Why not have the script include the IP(s) found in step 1?



  • Why not using solution that has been design for such purpose?

    I mean that you try to block, using FW rules, HTTP(S) access to, e.g. Facebook and this is obviously complex (even if feasible) because IP addresses change.
    On the other hand, if you were using HTTP proxy, this is as easy (and efficient) as configuring rule preventing to access Facebook.

    Real life is slightly more complex because if you want to really block Facebook (or whatever web site) you will have to block also external proxies but Squid and Squidguard are designed to handle such control, relying on blacklists. This is not 100% but quite efficient.

    BTW, blacklist concept could be used to maintain list of IP like done with pfBlockerNG but HTTP proxy will provide more flexibily.



  • pfblocker saved the day!  It is coming very soon with very interesting new features solving the problem altogether!

    Regarding using squid to block domains, it has worked for me in the past (unreliably) but now with pfsense 2.2+ its no longer doable.

    Squid 2 is very old and no longer maintained actively (my understanding) so its not recommended to use it, plus if you happen to run any kind of linux machines behind the proxy server, you will sooner than later hit a brick wall with package managers.  I've learn the hard way when my clients failed to update for months before I realized that squid was the culprit.  Posted on squid's bugzilla and I was told straight away that still using squid 2 in 2014-2015 was not recommended as Squid3 was released more than a year before I reported the issue with 2.0…

    Plus the issue with package managers was very well known from the folks on the squid's bugzilla so no surprise for them.

    Squid 3 may or may not work well but there are very well documented instances where the package in pfsense's repo cannot be installed and wont run!  There are several dozens of errors and misconfigurations happening when installing that package.  I reported the issue(s) on pfsense's bugzilla and on this forum, several commits happened in the following months and the squid's thread documents this problem as well but until last week, this is still not working for me.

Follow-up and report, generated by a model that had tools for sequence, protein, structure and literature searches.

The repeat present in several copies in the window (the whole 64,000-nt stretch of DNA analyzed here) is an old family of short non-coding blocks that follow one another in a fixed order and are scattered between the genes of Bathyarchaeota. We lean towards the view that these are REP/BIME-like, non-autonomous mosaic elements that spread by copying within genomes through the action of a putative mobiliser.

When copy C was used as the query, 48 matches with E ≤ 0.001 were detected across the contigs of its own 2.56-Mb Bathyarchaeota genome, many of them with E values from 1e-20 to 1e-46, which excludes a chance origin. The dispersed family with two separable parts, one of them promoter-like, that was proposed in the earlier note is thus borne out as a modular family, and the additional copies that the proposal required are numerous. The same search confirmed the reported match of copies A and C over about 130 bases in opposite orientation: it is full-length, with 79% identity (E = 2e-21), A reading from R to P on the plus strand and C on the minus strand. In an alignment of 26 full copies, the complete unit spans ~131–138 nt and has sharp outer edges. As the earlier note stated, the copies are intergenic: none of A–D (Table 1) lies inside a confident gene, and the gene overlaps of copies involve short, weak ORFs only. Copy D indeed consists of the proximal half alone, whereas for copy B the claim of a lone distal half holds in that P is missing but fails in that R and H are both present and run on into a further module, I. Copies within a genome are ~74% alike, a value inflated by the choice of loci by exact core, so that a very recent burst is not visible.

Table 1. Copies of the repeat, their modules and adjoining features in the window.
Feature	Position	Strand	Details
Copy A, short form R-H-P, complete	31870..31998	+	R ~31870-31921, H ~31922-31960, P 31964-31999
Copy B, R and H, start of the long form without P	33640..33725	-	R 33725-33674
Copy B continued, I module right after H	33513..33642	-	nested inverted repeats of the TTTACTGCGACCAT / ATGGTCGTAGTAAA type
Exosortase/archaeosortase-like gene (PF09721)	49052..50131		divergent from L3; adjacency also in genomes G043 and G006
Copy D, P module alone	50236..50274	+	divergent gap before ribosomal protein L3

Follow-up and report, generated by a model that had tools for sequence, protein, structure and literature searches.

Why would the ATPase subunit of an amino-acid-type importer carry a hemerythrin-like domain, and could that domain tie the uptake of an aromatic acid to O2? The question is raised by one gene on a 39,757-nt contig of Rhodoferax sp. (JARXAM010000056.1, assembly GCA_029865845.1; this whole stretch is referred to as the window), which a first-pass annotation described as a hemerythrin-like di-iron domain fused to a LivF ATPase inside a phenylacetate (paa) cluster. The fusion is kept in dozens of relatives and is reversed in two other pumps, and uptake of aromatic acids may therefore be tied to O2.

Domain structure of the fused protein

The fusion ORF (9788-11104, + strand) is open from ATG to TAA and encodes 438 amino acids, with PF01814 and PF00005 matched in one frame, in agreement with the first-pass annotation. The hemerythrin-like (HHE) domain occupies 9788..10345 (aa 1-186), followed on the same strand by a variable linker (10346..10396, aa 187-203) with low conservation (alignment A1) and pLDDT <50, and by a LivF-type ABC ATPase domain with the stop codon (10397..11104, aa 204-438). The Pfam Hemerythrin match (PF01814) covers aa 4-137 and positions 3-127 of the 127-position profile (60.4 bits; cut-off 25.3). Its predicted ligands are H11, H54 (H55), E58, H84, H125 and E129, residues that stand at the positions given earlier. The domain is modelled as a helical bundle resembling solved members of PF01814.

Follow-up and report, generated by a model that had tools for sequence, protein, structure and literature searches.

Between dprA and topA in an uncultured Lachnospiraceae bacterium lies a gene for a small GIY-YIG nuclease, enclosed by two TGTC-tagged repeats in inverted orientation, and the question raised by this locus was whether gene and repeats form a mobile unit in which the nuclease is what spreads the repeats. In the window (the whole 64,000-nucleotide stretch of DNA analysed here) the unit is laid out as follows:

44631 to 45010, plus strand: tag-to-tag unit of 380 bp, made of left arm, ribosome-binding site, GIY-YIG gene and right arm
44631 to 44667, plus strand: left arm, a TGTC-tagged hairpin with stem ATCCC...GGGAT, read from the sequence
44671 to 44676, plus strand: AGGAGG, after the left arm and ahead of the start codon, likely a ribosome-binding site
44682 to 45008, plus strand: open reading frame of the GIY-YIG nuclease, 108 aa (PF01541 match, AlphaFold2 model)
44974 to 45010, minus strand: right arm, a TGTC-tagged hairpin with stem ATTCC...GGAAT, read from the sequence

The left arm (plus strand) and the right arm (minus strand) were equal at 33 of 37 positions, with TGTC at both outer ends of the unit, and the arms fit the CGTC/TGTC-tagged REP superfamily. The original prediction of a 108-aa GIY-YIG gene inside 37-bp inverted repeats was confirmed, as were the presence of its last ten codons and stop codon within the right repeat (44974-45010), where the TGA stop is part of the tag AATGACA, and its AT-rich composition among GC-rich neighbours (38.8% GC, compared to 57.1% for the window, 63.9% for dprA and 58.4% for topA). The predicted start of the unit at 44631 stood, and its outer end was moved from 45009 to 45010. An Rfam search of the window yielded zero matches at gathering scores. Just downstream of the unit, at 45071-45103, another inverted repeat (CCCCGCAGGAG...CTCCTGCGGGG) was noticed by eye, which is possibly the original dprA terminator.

Unfortunately lets forget squid on pfsense for now as there is nothing working.  Perhaps a standalone squid server just behind pfsense would help but I dont need it right now.

    IMO pfblocker is heading the right way and so far version 2 (upcoming) seems to fulfill completely my needs in blocking domains.  Good work BBcan177!!!

    Why not have the script include the IP(s) found in step 1?

    If I understand the way this works, using the IP found in step 1 will only block the IP my DNS sends me to …  This wouldnt block the entire domain's IP range.



  • @lpallard:

    Unfortunately lets forget squid on pfsense for now as there is nothing working.  Perhaps a standalone squid server just behind pfsense would help but I dont need it right now.

    My point with Squid was not "Squid on pfSense" BTW. ;)

    Running Squid on pfSense may fit for quite small infrastructure but will definitely not in case you target something stable and scalable. Furthermore I do share your analysis.

    IMO pfblocker is heading the right way and so far version 2 (upcoming) seems to fulfill completely my needs in blocking domains.  Good work BBcan177!!!

    pfBlocker provides some quite interesting features.  I tested beta version some month ago and I've been impressed by what it does and configuration, management easiness.
    However, blocking IP address rather than URL or even web page content is a totally different approach.

    It may fit for you but to me, this is not one either the other: these are different solution to different problems and you may have to use both.

    Thinking that one will replace the other is, in my opinion, valid in some cases only  ;)